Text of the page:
Consumer Protection Act, 2019: Here’s Everything You Need To Know

The Consumer Protection Act, 2019 (hereinafter referred to as ‘the Act’) has come into force with effect from July 20, 2020. It replaced the 34 years old Consumer Protection Act 1986, originally published on December 24, 1986. The Act is an attempt to update the 1986 Act to cope up with the introduction of online marketplaces and e-commerce.

The Lok Sabha had passed the Consumer Protection Bill, on July 30, 2019, which was passed by the Rajya Sabha on August 6 the same year. This Bill was introduced in the Parliament by Mr Ram Vilas Paswan (Minister of Consumer Affairs, Food and Public Distribution).

What is Consumer Protection Act, 2019?

As per The Gazette of India published by the Legislative Department, Ministry of Law and Justice on August 9, 2019, “An Act to provide for protection of the interests of consumers and for the said purpose, to establish authorities for timely and effective administration and settlement of consumers’ disputes and for matters connected therewith or incidental thereto.”

In other words, it is a Law to protect the interests of the Consumers.

Why is there a Separate Act for Consumer Protection?

  1. To resolve a large number of pending Consumer disputes;
  2. Provide ways to address consumers’ grievances effectively and efficiently;
  3. Strengthening the Rights of consumers by establishing the necessary Authorities.

Features of the Consumer Protection Act, 2019

  • The Act seeks to widen the scope of the definition of ‘Consumer’ which includes both online and offline transactions;
  • The concept of ‘product liability’ has been newly introduced. It is defined as the responsibility of a product manufacturer or product seller of any product or service to compensate for any harm caused to a consumer due to defective product manufactured, sold or deficiency in services relating to it;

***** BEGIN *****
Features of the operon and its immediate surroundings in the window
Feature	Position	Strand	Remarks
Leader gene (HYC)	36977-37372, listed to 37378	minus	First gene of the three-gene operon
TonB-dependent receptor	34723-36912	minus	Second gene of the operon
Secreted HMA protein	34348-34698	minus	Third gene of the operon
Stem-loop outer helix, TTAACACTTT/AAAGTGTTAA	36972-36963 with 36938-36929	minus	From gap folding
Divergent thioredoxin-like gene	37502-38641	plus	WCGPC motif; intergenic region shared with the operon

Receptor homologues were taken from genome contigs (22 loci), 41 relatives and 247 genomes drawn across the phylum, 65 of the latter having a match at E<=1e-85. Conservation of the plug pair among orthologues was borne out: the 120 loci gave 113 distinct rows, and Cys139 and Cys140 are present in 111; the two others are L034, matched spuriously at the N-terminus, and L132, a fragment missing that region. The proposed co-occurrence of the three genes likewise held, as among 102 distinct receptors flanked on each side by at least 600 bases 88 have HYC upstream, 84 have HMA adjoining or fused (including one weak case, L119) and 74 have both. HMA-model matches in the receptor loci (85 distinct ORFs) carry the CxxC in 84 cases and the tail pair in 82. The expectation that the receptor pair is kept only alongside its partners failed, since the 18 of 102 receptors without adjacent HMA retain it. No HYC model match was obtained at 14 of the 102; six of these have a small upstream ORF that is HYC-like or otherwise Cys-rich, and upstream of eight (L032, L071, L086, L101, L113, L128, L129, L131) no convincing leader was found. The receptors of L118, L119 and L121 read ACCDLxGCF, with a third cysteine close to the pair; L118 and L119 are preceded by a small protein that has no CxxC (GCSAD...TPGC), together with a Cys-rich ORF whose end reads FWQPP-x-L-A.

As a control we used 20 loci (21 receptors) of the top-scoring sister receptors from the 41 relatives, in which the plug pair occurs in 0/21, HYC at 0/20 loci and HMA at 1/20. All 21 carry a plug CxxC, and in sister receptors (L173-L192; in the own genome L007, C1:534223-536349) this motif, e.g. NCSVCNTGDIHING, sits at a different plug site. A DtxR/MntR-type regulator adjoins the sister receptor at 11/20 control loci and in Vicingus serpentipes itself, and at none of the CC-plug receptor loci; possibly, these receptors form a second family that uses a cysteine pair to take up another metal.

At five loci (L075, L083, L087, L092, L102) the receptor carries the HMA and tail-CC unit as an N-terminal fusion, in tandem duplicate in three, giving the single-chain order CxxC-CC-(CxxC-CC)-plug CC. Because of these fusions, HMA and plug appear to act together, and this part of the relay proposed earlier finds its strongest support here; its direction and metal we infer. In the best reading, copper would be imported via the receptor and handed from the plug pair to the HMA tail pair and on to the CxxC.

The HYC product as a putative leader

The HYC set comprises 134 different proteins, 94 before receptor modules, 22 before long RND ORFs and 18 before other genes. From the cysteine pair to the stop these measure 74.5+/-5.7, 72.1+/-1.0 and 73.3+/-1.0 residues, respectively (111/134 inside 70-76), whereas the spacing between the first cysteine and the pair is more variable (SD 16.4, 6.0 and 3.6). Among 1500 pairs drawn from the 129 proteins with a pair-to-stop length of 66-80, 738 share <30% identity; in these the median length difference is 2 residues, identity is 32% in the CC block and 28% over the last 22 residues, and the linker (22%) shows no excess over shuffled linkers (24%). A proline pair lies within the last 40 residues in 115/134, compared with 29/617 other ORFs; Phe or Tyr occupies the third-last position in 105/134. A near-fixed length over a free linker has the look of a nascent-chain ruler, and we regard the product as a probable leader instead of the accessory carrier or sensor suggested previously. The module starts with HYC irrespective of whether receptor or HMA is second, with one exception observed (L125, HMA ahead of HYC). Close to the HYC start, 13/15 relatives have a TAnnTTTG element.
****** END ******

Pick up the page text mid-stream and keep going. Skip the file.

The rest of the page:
• Introduction of ‘e-commerce’ and ‘electronic service provider’;
  • Mandatory for e-commerce platforms to disclose necessary details which will assist the consumers in taking up a useful decision;
  • Introduction of the concept of ‘Mediation.’

This Alternate Dispute Resolution mechanism has been carried out to sort out consumer disputes, either in parts or as a whole, much quicker;

  • Establishment of a Central Consumer Protection Authority (CCPA) containing 35 members;
  • Provision of the Consumer Disputes Redressal Commissions (CDRCs) at the national, state and district levels;
  • The ‘pecuniary jurisdiction’ of the CDRCs have been widened than the 1986 Act.
Level of Commission Accepts complaints where the value of the Goods or Services paid as consideration…
District Does not exceed INR 1 crore
State Exceeds INR 1 crore, but does not exceed INR 10 crores
National Exceeds INR 10 crores
  • As per the CDRC rules, there are no fees for filing cases up to Rs 5 lakh;
  • Six Rights of Consumers
    a) To have information about the quantity, quality, purity, potency, price and standard of goods or services
    b) To be protected from hazardous goods and services
    c) To be protected from unfair or restrictive trade practices
    d) To have a variety of goods or services at competitive prices
    e) To be heard and to be assured that consumers’ interests will receive due consideration at appropriate fora.
  • Consumer awareness;
  • Manufacturers, service providers, celebrity endorsers will be held accountable over misleading advertisements;
  • Updation of the compensation and jail terms for defaulters;
  • The deprived consumer can attend the hearing of the cases through video conferencing;
  • Encouragement to e-file complaints by the consumers.


  1. Punishment for misleading advertisements: Fine/penalty from Rs 10 lakhs and an imprisonment up to 2 years TO Rs 50 lakhs and imprisonment up to 5 years.
  2. Failure to follow instructions of the CCPA for recall of goods and withdrawal of services: Punishment involving imprisonment up to 6 months OR fine up to Rs. 20 lakhs.

The Consumer Protection Act, 2019 is considered better than the former Act. The roles of all parties involved in the transactions have been clearly stated, holding each accountable for their actions. Hence, the Act ensures that the Consumers are not being exploited in the wrong manner.

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